Home Big Finish Classic Who on Big Finish REVIEW: The Companion Chronicles – Starborn

REVIEW: The Companion Chronicles – Starborn

The Companion Chronicles: Starborn
by Jacqueline Rayner
Starring Maureen O’Brien & Jacqueline King
Out now
just after their hasty departure from Nero’s Rome and before their
peculiar encounters on the Planet Vortis, Jacqueline Rayner’s Starborn
provides a short, but thoughtful and poignant interlude in the
adventures of The Doctor, Barbara, Ian and Vicki. This is very much
Vicki’s story and Maureen O’Brien transports the listener back in time,
in the company of the eager, slightly gawky teenaged traveller from the
25th century.
Just on the point of departure from a visit
to the abode of a spiritualist, Vicki is urgently summoned to return to
take part in an impromptu séance, at the behest of Madam Violet, played
with just the right levels of dramatic flourishes and gossipy
exasperation by Jacqueline King (best known as Donna Noble’s mum, Sylvia). Initial contact is made with Madam
Violet’s contact to the spirit world, one Appius Octavius Crispus but it
soon becomes apparent that the urgent contact from beyond is in fact
coming from Vicki herself, or at least a future version.
a clever construct upon which to allow the narration to proceed, with
present day Vicki’s scepticism gradually being eroded, aware that the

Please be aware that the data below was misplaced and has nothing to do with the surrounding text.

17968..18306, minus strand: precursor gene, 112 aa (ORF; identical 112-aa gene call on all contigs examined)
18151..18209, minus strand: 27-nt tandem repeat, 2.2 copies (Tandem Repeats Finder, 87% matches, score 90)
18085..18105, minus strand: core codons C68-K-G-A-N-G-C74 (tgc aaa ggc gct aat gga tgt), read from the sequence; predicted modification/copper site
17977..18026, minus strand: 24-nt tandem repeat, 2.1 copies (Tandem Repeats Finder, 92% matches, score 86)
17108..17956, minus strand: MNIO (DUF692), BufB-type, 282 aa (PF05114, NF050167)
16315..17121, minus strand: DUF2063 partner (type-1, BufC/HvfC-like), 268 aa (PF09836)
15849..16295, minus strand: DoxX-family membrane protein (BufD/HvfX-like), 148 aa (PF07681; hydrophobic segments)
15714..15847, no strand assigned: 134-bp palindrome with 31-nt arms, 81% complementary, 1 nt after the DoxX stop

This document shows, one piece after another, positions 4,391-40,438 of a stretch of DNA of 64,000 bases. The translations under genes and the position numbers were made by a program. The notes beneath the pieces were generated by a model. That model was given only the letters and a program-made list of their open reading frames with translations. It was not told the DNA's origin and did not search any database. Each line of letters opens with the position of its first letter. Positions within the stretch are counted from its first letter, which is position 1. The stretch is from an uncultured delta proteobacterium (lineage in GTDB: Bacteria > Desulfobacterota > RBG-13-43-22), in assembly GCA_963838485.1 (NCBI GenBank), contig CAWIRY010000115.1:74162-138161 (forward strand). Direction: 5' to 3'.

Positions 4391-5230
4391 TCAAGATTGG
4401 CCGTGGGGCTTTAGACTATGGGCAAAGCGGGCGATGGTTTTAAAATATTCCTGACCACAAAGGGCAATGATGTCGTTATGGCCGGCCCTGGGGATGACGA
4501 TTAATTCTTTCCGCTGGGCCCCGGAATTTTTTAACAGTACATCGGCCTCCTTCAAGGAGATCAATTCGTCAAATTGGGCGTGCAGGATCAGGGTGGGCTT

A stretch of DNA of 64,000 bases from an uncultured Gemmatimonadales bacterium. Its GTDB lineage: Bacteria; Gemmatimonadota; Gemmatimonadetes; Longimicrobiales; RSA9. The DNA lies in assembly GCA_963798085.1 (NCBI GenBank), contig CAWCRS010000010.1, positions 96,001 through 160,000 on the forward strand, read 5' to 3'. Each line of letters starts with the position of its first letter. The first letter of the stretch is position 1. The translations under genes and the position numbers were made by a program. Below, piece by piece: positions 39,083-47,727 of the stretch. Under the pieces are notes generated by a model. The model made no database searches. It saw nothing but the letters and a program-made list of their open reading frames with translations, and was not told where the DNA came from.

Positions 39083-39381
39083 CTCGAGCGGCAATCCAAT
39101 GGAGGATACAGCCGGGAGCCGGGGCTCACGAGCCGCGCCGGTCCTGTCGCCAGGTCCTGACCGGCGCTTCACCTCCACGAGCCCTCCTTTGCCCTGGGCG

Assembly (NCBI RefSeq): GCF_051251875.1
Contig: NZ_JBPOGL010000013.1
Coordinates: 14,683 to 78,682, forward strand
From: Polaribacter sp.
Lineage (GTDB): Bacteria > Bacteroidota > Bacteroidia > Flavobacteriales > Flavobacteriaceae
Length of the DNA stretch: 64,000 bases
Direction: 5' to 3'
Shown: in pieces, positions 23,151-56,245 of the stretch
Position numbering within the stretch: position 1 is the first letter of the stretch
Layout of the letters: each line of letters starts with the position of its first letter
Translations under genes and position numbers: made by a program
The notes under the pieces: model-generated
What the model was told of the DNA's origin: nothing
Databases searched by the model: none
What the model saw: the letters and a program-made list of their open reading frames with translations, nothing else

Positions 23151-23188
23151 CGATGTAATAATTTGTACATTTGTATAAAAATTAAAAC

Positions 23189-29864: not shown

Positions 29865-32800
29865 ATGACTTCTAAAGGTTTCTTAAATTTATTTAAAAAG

unfolding story is leading her towards a potentially grim conclusion.
She learns of the TARDIS’s forthcoming arrival on an exotic planet,
bathed in perpetual light from a web of radiance, literally composed of
“star people”.
Her future self describes a developing
friendship with one of the fledgling star people, Anet, a fellow
teenager who is due to ascend and take her place in the aerial network.
The Doctor agrees that the TARDIS crew will stay to witness events,
during which time the teenage girls’ friendship continues to grow.
are intriguing moments scattered throughout future Vicki’s narration to
suggest there may be more to her tale than might first appear, and
these little “hold on, did she just say…?” moments cleverly draw the
listener further into the story, just as present-day Vicki seizes upon
these apparent inconsistencies.
The story takes a darker
turn at the point of Anet’s ascension, with the sudden arrival of a band
of female space pirates seeking to take advantage of the resulting
weakness in the planet’s living star network, hoping to drain its power
for their own purposes. It’s at that point that Vicki’s ultimate fate
is about to be revealed.
Maureen O’Brien is excellent as
Vicki, the cynical teenager whose faith is firmly placed in science
rather than the spirit world, but who finds these certainties gradually
eroded by a growing sense of doubt. She also offers a creditable
version of the First Doctor, and the rather fey starborn of the title,
Anet. Jacqueline King’s medium, Madam Violet stays just the right side
of over-the-top and between them they breathe life into a compact,
poignant tale of friendship, redemption and loss.
Rayner perfectly captures Vicki’s perky and amused speech patterns, but
doesn’t waste the opportunity to reveal additional facets to her
character: an orphan lucky enough to have found the perfect replacement
family waiting for her in the TARDIS.
Thanks to Big Finish



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